Why Do Golfers Yell FORE!
Golfers yell FORE to indicate to other people that there is an incoming ball heading in their direction.
The true origin of the term “fore“ relating to golf has been heavily debated throughout history and will most likely continue to be discussed for a long time to come.
There are three theories that stand out…
Theory #1 For Shouting "FORE!"
One popular theory for yelling “fore” is actually derived from the word “forecaddie.”
The United States Golf Association (USGA) defines a “forecaddie” as someone employed by the golf course or a player to watch where each golf ball falls.
The aforementioned forecaddie’s role was (and still is in some instances) to wait where the ball lands most frequently, giving the caddies the best line of sight to each golf ball and allowing the players to reduce their number of lost balls during a round.
Due to the distance gap between the players and the forecaddies, players would shout “Forecaddie!” to alert the caddies a ball was coming in their direction and that they should pay attention to where it lands.
Over time, it is thought that the term has shortened to “Fore,” resulting in what we now use in the modern game of golf.
Forecaddies are still used in tournament golf, but they now go under a new name.
You’ll often hear the PGA Tour broadcast refer to the “spotters,” who have the same job as the forecaddies from long ago, just different titles. We’ll touch on the “new” forecaddies later.
Theory #2 For Yelling "FORE!"
Artillery men of the olden days would shout “Beware Before!” as a warning to nearby soldiers to drop to the ground before friendly gunfire.
“Beware Before” is quite a mouthful on the front lines of war, so it is understandable to shorten the phrase to just the word “Fore!”
Theory #3 For Screaming "FORE!"
The prefix “fore” has roots and history dating back to the Middle Ages.
It’s commonly understood that the game of golf originated in Scotland.
In Scottish, “fore” is a word that is short for “before.” However, in old Scottish, “fore” was used as a warning message.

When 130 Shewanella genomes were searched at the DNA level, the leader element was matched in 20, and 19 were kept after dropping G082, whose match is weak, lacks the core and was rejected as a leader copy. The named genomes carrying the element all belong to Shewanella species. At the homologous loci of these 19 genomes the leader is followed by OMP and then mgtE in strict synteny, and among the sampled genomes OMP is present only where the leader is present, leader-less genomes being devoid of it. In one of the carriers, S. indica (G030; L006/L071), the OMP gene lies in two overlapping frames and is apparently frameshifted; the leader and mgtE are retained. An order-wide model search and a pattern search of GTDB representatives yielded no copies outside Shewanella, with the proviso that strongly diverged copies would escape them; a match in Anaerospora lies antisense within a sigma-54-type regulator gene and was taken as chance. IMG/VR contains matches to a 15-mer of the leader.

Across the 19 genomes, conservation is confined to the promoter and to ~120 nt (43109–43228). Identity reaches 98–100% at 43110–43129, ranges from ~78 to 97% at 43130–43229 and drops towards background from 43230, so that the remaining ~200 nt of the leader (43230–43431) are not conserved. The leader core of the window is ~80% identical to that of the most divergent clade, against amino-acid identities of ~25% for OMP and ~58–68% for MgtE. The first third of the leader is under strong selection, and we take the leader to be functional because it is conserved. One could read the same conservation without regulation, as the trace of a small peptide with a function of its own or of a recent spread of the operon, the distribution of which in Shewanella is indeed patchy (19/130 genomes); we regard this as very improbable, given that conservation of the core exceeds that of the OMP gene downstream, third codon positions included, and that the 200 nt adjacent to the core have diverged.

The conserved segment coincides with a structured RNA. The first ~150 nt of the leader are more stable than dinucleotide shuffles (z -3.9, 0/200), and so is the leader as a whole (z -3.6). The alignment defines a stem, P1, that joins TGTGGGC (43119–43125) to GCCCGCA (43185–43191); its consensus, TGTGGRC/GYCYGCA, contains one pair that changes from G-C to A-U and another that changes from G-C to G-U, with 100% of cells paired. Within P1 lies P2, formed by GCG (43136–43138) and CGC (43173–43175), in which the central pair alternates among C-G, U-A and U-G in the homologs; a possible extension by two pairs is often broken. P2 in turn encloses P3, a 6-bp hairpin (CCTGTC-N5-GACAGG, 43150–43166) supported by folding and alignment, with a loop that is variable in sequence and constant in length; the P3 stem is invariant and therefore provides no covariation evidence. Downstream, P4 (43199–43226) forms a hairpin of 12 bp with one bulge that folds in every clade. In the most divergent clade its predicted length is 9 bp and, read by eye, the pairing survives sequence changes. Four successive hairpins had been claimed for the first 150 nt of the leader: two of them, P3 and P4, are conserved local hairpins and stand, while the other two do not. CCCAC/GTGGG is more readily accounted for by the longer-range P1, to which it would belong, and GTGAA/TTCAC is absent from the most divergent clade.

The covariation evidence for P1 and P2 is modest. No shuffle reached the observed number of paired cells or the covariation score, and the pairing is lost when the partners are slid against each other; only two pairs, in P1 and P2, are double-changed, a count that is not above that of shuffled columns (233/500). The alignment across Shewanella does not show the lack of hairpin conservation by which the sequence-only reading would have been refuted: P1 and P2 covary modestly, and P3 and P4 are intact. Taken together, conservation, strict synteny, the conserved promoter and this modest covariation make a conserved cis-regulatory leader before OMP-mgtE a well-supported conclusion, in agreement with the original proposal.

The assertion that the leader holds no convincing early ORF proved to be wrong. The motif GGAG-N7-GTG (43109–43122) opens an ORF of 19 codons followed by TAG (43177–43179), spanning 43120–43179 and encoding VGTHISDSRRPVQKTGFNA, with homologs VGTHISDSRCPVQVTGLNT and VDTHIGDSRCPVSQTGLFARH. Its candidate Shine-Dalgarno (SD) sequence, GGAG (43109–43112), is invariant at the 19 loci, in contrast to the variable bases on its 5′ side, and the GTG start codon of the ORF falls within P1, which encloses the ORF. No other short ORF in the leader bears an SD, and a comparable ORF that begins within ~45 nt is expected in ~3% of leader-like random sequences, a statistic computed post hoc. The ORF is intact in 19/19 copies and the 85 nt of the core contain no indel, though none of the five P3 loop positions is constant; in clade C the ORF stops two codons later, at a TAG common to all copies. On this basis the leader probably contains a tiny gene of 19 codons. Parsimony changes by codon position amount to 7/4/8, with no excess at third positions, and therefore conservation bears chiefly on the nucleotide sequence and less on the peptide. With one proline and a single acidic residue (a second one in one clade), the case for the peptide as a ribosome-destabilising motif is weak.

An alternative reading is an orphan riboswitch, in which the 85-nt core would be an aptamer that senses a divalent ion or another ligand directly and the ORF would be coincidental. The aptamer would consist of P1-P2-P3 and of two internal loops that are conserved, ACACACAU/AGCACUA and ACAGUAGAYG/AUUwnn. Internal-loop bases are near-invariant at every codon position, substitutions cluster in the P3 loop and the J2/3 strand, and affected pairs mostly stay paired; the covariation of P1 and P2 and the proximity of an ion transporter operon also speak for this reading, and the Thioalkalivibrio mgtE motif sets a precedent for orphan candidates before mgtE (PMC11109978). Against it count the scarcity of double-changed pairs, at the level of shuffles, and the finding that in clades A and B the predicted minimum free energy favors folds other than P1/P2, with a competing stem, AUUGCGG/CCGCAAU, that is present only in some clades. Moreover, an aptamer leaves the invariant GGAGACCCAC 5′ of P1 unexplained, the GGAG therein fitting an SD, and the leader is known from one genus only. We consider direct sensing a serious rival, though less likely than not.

It meant “lookout ahead,” which is why many believe that the term fore in golf originated in old Scotland.
When Should You Yell "Fore"?
Out of respect to the other golfers on the course, if a bad shot has even a slight chance of hitting another player or spectator, it is the golfer’s responsibility as a player to shout “FORE” as loudly as they can.
Golf itself is described as a “gentlemen’s game. “
Choosing to yell fore can “cover you” in a situation where (God forbid) you do hit another player, at least you did your part in warning them first.
With enough rounds under your belt, shouting “fore” will become an immediate reaction.
Additional good etiquette to follow is shouting “Fore Left!” or “Fore Right!” as a better indication as to where the ball is going for other golfers or spectators.
How Bad Is It To NOT Yell "FORE"?
One of the first rules taught to young golfers about “proper golf etiquette” is always to yell “FORE!” anytime your errant shot could potentially hit someone.
With this being such a universal rule and golf term, players take pretty great offense to someone choosing to stay silent when a wayward shot could hit someone.
Many golfers who took up the game later in life are too concerned with the opinions of other players and feel too much shame to yell fore.
One golfer took such offense to his friend not shouting “fore,” that he sued him!
A New York State court of appeals ruled Anoop Kapoor could not be held liable to Azad Anand for ignoring one of the “universally recognized” customs of golf before he shanked a ball into Anand’s left eye.
Anand was blinded as a result of his former friend not shouting fore, and a friendship was lost “fore” ever! (I shouldn’t joke about it, but it’s too good)
Why Do Professionals Get Away With Not Yelling "FORE!"
Pro golfers will yell fore occasionally but often don’t say anything after a bad tee shot.
They’ll sometimes point in the direction of their wayward shot, indicating to the “spotters” we referenced earlier the area their poor shot is headed.
Spotters are usually volunteers that live in the area of the tournament and pay to participate. They are not perfect at warning spectators of the potentially dangerous golf ball coming at their heads.
Below is a video showing some spectators who were unlucky enough to find themselves out of earshot of the spotters or just weren’t paying attention at the wrong time.
Interestingly, it isn’t until four minutes into the compilation before Phil Mickelson yells fore.
What Are You Supposed To Do When You Hear "FORE!"
If you hear “FORE!” your immediate reaction should be to cover whatever you value the most (eyes, face, head, etc.) with your arms and hands and often ducking down to protect yourself further.
A golf shot itself lasts for a few seconds at a time, so stopping what you’re doing and protecting yourself shouldn’t disturb your round too much.
Awareness is crucial to golf in every aspect if you’ve chosen to take it seriously.
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